19. 19. Designing For Innovation  Design games with unique play mechanics – think beyond the existing genres of play  Appeal to new players – people who have different tastes and skills than hardcore players  Try to solve difficult design problems like:  Integration of story and gameplay  Deeper empathy for characters in games  Creating emotionally rich gameplay  Discovering the relationships between games and learning  Ask difficult questions about what games are, what they can be, and what their impact is on us individually and culturally
    20. 20. Designer Perspective: Yuji Naka G4 Icons Episode #37: Yuji Naka
    21. 21. Brainstorming A group creativity technique to find a solution to a specific problem by gathering a list of ideas spontaneously contributed by its members. In games, brainstorming is used to generate a large number of ideas about game's concept, mechanics, setting, characters, etc.
    22. 22. Brainstorming Done Right Brainstorming Done Right!
    23. 23. Brainstorming Osborn’s method of brainstorming has four general rules:  Focus on quantity  Withhold criticism  Welcome unusual ideas  Combine and improve ideasAlex F. Osborn
    24. 24. Brainstorming Best Practices  State a Challenge  No Criticism  Vary The Method  Playful Environment  Put It On The Wall  Go For Lots of Ideas  Don’t Take Too Long
    25. 25. Six Creative Ways To Brainstorm Six Creative Ways To Brainstorm Ideas
    26. 26. Idea Methods  Create Numbered Lists  Index Cards  Mind Map  Stream of Consciousness  Change Your Perspective  Change Your Environment  Mix and Match Categories  Research  Surrealist Games
    27. 27. Exquisite Corpse  Write an article and an adjective on a piece of paper  Fold the paper to conceal it and pass it to their neighbor  Write a noun on the the paper you were handed, fold it, and pass it to your neighbor  Repeat with a verb; article and adjective; finally repeat with a noun  Everyone unfolds their paper and reads the poems they are holding
    28. 28. Now brainstorm your own idea! Break into two groups of 3-6 and brainstorm some game ideas. The challenge is to come up with ideas for games you can make with GameMaker and can be done by the end of the term. Try to generate 100 ideas in 60 minutes.
    29. 29. Reasons To Reject A Game Idea  Technical Feasibility  Market Opportunity  Artistic Considerations  Design Experience  Innovation Needs  Marketing Goals  Business and Cost Restrictions
    30. 30. Editing Session Hold an Editing Session on a different day than your Brainstorming Session. Edit your list down to the top 5 to 10 ideas and discuss each thoroughly. Be positive and discuss the strengths of each idea. Narrow your list down to 3 ideas and schedule brainstorming sessions to focus on features and define the creative center of your game.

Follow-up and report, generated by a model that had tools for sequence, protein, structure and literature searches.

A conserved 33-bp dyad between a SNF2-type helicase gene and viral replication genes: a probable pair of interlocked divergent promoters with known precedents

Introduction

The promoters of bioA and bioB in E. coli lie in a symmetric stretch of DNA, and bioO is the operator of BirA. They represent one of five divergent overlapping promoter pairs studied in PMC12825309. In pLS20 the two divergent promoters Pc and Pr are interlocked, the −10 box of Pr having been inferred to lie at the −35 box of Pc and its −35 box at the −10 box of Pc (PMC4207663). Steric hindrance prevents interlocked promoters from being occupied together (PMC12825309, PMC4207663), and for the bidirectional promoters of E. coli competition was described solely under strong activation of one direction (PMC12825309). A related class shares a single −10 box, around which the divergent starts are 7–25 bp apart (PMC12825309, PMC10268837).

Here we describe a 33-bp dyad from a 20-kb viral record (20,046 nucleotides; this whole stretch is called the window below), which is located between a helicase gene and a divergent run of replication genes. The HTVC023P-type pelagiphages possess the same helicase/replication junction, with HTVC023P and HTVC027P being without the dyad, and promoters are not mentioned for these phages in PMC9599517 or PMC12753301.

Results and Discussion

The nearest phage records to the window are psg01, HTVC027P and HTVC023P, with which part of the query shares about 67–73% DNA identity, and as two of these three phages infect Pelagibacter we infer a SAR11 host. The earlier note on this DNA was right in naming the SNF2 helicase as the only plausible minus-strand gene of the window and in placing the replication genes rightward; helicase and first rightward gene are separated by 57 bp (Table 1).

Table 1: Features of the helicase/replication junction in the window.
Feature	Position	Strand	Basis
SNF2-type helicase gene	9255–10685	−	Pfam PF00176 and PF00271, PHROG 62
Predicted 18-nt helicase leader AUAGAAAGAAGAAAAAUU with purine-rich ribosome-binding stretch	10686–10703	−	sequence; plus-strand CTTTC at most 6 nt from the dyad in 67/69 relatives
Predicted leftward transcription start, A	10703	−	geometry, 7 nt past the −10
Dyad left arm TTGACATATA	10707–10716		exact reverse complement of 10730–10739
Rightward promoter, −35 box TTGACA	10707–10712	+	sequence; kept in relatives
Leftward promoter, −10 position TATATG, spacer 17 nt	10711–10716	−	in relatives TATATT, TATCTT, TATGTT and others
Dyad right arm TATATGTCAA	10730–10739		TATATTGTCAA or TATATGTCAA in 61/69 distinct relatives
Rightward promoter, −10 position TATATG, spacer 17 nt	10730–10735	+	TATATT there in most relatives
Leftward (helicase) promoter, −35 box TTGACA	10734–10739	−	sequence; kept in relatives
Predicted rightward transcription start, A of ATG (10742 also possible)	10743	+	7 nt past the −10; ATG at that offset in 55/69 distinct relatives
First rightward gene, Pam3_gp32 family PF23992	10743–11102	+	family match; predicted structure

31. 31. Take your list of 100 game ideas you came up with earlier today and narrow it down to your group’s 10 favorites.
    32. 32. Game-Defining Concepts A “game-defining” concept is as a component, mechanic, or other design element that is so closely connected to the identity of the game that it is inevitably talked about when the game is brought up.  “King” mechanic in Checkers  Letter-tile combinations in Scrabble  Polyhedral dice in Dungeons & Dragons  Running and gunning in Doom
    33. 33. Game-Defining Concepts What makes a concept “game defining”?  Presenting clever, elegant, or unusual resolutions to in-game issues.  Showing information in a concise, centralized, or attractive manner.  Creating tension, or acting as a game’s primary demand for strategy.  Taking common elements and implementing them in an original manner.
    34. 34. Creative Center Your game’s creative center consists of two elements:  The Razor: Determines which features belong and don’t belong  The Slogan: A catchy phrase that gets potential players (and the marketing department) interested in your game
    35. 35. Come up with a Razor and Slogan for:  Grand Theft Auto  Call of Duty  World of Warcraft  Candy Crush
    36. 36. Take your list of 10 game ideas you came up with earlier today and narrow it down to your 3-6 favorites (one for each member of your group). For each one, come up with:  Game Title  Core mechanic (action/purpose)  Razor (statement defining appropriate game features)  Slogan (statement describing the game’s play value) Present your ideas to class, and the class will choose their favorite from each group.
    37. 37. Elevator Pitch An elevator pitch is a short summary used to quickly and simply define a product and its value. The name "elevator pitch" reflects the idea that it should be possible to deliver the summary in the time span of an elevator ride, or approximately thirty seconds to two minutes. The term itself comes from the scenario of accidentally meeting someone important in an elevator. If the conversation inside the elevator in those few seconds is interesting and value adding, then the conversation will continue after the elevator ride or end in the exchange of business cards or a scheduled meeting.
    38. 38. Elevator Pitch Structure for Games Game Title is a game genre set in premise for target player. It features core game mechanics that bring play value. Unlike competition, this game unique differentiation.
    39. 39. Example Pitch Somehow it always falls to Mustachio to rally his friends for their many adventures. Run and jump through a side- scrolling world made of and inhabited by blocks. With mustaches. A world full of action, puzzles and arbitrary danger that Mustachio faces boldly with his mustache-fueled power to make block duplicates of himself. What? Cloning AND mustaches?! You betcha!
    40. 40. Tips For A Successful Pitch  Get In The Door  Show You Are Serious  Be Organized  Be Passionate!!!  Assume Their Point Of View  Design The Pitch  Know All The Details  Exude Confidence  Be Flexible  Rehearse  Get Them To Own It  Follow Up Jesse Schell
    41. 41. Storyboarding The most powerful way to explain your new features is to storyboard them.